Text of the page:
A sacristy is a side room in a church for sacred vessels and vestments and for the vesting of the clergy. It is also called a vestry. Because vessels and vestments are often valuable, the room usually contains wall niches or cupboards that can be closed or locked.
One room with wall niches in an Egyptian church, on the north side of the sanctuary of the small north church of Qusur ‘Isa South I in Kellia, has been identified as a sacristy. Other side rooms with lockable wall niches, however, have not been identified as sacristies because a single such niche is not enough to determine the room’s use.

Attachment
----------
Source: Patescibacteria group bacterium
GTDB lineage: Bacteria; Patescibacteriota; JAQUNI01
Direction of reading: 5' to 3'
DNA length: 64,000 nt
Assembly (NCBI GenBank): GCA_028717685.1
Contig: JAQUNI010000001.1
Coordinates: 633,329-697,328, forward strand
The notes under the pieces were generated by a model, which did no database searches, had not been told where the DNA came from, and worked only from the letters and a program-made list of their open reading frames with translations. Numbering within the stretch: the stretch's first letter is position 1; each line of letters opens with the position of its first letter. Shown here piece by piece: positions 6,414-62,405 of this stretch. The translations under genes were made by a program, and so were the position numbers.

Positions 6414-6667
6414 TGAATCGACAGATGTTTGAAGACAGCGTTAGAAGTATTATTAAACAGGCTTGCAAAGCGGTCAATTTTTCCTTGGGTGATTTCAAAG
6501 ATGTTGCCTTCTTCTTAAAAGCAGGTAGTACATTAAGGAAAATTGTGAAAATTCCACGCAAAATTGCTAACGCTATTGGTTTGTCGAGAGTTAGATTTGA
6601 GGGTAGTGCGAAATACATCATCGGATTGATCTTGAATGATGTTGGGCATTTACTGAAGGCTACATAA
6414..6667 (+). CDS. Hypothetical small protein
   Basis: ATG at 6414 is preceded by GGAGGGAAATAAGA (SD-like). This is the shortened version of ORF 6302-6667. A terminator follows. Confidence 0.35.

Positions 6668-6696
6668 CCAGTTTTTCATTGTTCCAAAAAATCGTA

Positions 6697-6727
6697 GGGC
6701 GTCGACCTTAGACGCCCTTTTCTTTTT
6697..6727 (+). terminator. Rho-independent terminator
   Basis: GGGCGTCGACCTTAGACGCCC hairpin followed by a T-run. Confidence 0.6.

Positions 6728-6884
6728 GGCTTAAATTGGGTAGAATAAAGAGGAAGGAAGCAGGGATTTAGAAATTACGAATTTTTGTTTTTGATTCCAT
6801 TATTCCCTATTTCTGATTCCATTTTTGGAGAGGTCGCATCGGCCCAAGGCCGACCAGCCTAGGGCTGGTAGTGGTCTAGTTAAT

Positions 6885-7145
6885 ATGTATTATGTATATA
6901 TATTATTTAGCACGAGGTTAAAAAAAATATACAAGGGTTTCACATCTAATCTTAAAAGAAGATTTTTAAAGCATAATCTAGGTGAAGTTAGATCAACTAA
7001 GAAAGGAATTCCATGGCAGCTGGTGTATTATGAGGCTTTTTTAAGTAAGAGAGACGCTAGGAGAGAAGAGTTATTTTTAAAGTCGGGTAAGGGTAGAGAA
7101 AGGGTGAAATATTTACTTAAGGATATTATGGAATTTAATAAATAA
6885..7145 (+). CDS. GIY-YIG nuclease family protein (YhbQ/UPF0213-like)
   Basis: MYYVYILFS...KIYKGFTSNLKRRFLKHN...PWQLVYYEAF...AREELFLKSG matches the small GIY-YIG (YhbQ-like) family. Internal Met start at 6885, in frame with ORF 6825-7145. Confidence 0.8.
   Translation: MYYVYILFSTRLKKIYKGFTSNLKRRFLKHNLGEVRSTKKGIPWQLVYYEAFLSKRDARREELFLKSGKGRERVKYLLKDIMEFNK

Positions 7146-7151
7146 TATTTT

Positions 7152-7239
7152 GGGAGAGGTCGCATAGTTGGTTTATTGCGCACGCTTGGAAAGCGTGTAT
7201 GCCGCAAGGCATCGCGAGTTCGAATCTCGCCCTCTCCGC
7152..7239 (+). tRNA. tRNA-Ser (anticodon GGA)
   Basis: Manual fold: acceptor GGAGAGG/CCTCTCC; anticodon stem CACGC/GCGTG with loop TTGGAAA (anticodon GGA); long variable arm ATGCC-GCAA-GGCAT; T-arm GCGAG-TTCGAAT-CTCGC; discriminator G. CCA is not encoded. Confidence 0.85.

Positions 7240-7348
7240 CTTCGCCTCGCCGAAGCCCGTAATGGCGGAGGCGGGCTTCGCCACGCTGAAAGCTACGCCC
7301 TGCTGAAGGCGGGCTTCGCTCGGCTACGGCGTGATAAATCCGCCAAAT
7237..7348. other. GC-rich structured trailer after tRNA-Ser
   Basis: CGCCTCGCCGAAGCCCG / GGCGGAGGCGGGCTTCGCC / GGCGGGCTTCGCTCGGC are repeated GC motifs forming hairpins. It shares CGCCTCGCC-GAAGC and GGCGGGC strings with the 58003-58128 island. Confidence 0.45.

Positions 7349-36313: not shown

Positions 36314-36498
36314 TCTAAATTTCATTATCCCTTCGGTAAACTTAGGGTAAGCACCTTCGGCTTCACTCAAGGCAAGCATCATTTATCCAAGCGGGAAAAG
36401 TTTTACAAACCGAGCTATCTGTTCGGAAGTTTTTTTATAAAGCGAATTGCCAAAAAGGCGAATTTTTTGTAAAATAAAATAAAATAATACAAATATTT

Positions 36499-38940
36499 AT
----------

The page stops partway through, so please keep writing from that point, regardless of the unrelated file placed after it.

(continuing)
In the early Christian and Eastern churches, the functions of the sacristy are performed by the diaconicon and the prothesis (room for preparing the elements for the Eucharist). Since the care of valuables fell within the jurisdiction of the OIKONOMOS (“administrator”), the sacristy is the same as the qunumiyyah (“room of the administrator”).
- Burmester, O. H. E. The Egyptian or Coptic Church. Cairo, 1967. Descoeudres, G. Die Pastophorien im syro-byzantinischen Osten, 13-14. Wiesbaden, 1983.